Using Competitors’ Data – A Role for Competition Law? Some Thoughts on the Amazon Marketplace Case


Paper by Iga Malobecka: “Based on the Commission’s investigation into Amazon’s practices, the article analyses whether Amazon’s use of sensitive data from independent retailers who sell via its marketplace may raise anticompetitive concerns and, if so, how they should be tackled, in particular, whether competition law is the right tool to address these concerns. Amazon’s conduct, which is being investigated by the Commission, does not easily fit in with well-established theories of harm. Therefore, it is proposed to develop new theories of harm that would be specifically tailored to challenges of digital markets and online platforms’ business models. Amazon’s conduct could be regarded as a forced free-riding, predatory copying, abusive leveraging or self- preferencing. It is also argued that some of the competition concerns that may arise from the use of competitors’ data by online intermediation platforms such as Amazon could be more efficiently tackled by introducing a regulation, such as the Digital Markets Act…(More)”.

The GDPR effect: How data privacy regulation shaped firm performance globally


Paper by Carl Benedikt Frey and Giorgio Presidente:  “…To measure companies’ exposure to GDPR, we exploit international input-output tables and compute the shares of output sold to EU markets for each country and 2-digit industry. We then construct a shift-share instrument interacting this share with a dummy variable taking the value one from 2018 onwards.

Based on this approach, we find both channels discussed above to be quantitatively important, though the cost channel consistently dominates. On average, across our full sample, companies targeting EU markets saw an 8% reduction in profits and a relatively modest 2% decrease in sales (Figure 1). This suggests that earlier studies, which have focused on online outcomes or proxies of sales, provide an incomplete picture since companies have primarily been adversely affected through surging compliance costs.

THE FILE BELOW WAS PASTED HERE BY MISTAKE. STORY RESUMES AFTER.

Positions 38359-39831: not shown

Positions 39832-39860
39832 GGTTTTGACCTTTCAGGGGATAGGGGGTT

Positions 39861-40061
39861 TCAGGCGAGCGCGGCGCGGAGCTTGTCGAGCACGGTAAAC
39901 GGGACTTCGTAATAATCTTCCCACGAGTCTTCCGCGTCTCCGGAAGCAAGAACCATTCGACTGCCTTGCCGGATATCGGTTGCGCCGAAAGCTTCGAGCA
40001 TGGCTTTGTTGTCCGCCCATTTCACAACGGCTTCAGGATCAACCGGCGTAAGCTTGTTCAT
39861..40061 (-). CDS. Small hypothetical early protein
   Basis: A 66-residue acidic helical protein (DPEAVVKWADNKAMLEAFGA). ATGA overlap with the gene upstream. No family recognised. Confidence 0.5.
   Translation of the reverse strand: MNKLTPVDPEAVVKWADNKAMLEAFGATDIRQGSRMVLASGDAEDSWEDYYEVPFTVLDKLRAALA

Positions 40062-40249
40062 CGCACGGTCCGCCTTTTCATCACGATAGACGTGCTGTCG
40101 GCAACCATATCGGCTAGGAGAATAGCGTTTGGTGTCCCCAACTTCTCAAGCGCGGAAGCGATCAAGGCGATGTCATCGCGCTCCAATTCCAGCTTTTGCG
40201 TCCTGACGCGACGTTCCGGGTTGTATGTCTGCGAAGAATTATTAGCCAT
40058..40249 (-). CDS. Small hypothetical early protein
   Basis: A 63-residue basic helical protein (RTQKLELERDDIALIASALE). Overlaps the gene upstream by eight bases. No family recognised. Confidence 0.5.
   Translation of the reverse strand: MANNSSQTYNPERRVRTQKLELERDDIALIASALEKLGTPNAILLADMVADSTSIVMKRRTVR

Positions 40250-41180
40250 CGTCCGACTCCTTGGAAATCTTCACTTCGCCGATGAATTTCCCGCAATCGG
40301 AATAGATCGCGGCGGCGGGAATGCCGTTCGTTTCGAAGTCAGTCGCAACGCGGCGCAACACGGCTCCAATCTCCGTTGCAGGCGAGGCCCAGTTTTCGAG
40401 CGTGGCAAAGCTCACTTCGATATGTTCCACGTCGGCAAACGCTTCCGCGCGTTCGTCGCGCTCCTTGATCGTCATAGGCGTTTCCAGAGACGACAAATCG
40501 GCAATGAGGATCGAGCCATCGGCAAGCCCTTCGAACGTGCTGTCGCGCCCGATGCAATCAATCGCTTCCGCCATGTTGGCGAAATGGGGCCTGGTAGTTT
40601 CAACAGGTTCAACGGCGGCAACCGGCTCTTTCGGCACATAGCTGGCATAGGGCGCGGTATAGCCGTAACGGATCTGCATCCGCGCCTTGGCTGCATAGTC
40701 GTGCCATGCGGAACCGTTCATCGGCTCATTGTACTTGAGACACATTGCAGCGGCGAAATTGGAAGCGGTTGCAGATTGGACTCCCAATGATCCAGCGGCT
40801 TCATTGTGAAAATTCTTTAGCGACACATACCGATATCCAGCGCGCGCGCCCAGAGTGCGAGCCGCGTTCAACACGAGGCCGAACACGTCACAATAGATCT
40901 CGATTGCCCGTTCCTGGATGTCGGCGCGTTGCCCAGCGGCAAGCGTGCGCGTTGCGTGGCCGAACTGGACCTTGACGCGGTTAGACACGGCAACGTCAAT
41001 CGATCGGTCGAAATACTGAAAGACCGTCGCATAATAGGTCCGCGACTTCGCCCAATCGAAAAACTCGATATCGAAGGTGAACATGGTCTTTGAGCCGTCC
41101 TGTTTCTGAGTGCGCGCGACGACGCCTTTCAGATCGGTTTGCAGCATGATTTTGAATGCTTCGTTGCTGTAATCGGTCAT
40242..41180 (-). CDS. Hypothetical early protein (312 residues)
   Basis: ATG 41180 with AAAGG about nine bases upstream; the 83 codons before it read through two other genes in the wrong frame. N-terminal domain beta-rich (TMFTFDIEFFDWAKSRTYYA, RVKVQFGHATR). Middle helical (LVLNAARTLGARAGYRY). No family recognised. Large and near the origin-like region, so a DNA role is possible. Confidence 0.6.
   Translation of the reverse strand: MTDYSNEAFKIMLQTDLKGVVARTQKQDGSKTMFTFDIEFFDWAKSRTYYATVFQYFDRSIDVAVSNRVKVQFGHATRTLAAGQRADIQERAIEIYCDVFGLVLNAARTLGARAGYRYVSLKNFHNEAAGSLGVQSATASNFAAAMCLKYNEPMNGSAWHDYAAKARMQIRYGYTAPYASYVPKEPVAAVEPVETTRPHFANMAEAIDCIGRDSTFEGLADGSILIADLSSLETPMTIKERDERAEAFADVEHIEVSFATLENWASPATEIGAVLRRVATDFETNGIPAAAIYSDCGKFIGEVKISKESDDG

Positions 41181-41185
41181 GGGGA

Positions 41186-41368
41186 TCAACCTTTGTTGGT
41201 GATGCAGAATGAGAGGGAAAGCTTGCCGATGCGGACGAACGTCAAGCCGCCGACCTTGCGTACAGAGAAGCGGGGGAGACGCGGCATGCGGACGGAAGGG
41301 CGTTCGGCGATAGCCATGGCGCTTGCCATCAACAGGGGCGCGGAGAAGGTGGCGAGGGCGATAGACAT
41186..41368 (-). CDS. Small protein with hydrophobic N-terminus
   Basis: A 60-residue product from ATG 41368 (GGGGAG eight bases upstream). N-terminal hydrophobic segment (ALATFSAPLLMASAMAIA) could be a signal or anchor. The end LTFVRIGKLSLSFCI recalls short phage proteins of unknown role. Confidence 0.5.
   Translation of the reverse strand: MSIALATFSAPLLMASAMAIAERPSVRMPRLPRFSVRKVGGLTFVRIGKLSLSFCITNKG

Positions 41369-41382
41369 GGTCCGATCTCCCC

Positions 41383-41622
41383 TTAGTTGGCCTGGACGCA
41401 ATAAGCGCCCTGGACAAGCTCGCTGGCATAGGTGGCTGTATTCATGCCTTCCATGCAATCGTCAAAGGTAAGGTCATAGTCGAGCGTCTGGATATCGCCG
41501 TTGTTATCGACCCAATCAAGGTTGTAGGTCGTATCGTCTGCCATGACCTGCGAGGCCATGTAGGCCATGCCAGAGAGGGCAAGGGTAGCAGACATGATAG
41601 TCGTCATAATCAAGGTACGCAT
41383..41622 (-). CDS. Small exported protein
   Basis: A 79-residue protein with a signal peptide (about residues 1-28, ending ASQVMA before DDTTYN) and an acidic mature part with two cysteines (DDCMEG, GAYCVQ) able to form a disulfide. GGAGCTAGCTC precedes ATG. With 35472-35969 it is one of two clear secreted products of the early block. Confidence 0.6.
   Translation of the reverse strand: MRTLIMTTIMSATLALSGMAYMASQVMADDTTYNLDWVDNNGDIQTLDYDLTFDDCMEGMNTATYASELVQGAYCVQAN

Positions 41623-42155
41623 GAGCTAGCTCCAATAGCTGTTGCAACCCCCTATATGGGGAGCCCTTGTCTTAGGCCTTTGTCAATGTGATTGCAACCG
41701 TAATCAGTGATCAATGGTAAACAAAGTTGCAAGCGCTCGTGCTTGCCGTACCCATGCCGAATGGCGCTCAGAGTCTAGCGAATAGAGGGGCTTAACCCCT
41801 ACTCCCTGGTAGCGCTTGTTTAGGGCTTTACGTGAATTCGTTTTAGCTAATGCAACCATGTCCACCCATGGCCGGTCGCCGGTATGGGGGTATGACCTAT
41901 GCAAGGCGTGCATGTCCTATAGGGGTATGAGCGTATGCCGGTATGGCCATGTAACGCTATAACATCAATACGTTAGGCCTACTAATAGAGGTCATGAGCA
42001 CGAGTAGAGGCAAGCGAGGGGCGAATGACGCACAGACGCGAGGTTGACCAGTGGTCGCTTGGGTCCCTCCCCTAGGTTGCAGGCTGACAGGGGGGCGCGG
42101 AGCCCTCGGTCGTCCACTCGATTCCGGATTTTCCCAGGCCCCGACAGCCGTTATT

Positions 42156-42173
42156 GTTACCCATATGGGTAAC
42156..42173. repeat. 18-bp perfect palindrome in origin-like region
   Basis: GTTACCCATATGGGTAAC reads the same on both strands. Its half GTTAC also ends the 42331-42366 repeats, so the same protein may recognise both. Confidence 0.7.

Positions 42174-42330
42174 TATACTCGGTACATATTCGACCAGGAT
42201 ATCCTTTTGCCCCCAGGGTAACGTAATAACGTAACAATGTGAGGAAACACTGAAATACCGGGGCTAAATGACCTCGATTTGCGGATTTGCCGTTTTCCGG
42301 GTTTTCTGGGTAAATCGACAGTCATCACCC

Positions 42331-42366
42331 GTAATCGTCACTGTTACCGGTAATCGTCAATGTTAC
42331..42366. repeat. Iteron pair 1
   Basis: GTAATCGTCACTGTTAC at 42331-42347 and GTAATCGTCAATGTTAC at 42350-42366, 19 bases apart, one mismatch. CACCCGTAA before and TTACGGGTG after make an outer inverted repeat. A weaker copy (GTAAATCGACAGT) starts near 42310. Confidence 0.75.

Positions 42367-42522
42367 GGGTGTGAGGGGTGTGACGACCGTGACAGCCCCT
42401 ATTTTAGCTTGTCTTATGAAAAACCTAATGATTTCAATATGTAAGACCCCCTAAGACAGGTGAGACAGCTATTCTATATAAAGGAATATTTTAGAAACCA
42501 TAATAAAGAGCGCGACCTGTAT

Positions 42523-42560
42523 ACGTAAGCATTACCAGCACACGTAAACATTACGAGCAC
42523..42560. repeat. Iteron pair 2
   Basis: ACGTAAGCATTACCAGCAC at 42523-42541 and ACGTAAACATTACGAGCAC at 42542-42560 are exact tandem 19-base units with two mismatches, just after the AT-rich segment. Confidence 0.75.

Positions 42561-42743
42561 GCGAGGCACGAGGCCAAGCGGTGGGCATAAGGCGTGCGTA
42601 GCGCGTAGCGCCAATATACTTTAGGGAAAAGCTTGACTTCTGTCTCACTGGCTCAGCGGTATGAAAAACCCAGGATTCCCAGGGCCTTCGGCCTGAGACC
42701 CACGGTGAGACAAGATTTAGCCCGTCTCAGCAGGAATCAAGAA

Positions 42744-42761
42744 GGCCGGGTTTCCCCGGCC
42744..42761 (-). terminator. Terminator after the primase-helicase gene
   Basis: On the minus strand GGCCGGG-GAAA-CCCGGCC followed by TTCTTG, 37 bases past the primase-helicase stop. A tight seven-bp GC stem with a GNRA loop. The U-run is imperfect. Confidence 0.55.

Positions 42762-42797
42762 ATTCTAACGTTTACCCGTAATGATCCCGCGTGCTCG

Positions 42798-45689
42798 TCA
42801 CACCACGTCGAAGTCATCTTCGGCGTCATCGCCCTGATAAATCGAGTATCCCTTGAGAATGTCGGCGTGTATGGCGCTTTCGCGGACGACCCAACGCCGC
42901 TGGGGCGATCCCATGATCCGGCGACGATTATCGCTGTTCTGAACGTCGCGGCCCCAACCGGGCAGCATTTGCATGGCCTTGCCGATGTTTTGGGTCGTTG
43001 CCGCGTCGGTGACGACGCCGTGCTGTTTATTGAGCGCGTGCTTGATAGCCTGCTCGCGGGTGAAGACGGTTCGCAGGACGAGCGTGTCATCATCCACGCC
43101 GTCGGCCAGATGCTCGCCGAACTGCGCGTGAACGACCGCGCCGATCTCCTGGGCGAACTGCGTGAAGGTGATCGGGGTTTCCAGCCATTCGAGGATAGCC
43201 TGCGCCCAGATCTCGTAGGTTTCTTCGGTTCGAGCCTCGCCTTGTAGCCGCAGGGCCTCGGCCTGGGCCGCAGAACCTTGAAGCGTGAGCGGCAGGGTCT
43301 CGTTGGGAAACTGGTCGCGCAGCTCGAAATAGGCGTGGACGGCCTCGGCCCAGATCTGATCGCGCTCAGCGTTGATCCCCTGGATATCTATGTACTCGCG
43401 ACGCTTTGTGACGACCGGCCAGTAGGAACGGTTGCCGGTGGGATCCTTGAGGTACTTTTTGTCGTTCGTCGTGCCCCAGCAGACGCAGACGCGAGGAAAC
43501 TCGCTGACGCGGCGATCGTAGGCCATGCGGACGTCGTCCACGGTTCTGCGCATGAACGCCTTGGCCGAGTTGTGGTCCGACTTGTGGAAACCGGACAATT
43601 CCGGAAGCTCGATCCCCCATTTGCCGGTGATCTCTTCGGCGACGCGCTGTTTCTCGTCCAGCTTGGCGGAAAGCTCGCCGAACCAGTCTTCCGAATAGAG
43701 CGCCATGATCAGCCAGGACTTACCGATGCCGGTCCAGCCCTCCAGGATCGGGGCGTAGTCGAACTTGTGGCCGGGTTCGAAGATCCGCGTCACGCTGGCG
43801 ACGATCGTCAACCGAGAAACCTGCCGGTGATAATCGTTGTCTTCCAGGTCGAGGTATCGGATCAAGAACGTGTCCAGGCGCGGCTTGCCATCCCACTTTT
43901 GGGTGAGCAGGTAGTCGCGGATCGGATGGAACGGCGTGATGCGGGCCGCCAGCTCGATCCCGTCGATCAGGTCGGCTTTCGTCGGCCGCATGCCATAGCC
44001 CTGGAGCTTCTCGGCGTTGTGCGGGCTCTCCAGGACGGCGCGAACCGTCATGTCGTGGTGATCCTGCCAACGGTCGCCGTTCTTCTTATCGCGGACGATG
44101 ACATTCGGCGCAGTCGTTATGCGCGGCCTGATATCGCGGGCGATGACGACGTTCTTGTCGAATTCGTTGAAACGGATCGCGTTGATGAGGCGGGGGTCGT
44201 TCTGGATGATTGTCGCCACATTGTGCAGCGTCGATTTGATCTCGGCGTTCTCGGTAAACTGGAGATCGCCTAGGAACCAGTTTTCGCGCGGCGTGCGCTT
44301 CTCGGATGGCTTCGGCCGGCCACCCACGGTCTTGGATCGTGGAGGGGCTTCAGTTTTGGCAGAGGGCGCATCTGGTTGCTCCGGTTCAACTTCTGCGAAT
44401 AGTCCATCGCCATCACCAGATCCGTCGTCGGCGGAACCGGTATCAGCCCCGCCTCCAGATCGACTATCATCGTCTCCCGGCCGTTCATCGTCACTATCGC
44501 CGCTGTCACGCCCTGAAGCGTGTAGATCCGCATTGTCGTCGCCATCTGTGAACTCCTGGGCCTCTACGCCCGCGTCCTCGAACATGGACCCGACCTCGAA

While systematic data on firms’ IT purchases are hard to come by, we can explore how companies developing digital technologies have responded to GDPR. Indeed, taking a closer look at some recent patent documents, we note that these include applications for technologies like a “system and method for providing general data protection regulation (GDPR) compliant hashing in blockchain ledgers”, which guarantees a user’s right to be forgotten. Another example is a ‘Data Consent Manager’, a computer-implemented method for managing consent for sharing data….

While the results reported above show that GDPR has reduced firm performance on average, they do not reveal how different types of firms have been affected. As is well-known, large companies have more technical and financial resources to comply with regulations (Brill 2011), invest more in lobbying (Bombardini 2008), and might be better placed to obtain consent for personal data processing from individual consumers (Goldfarb and Tucker 2011). For example, Facebook has reportedly hired some 1,000 engineers, managers, and lawyers globally in response to the new regulation. It also doubled its EU lobbying budget in 2017 on the previous year, when GDPR was announced. Indeed, according to LobbyFacts.eu, Google, Facebook and Apple now rank among the five biggest corporate spenders on lobbying in the EU, with annual budgets in excess of €3.5 million.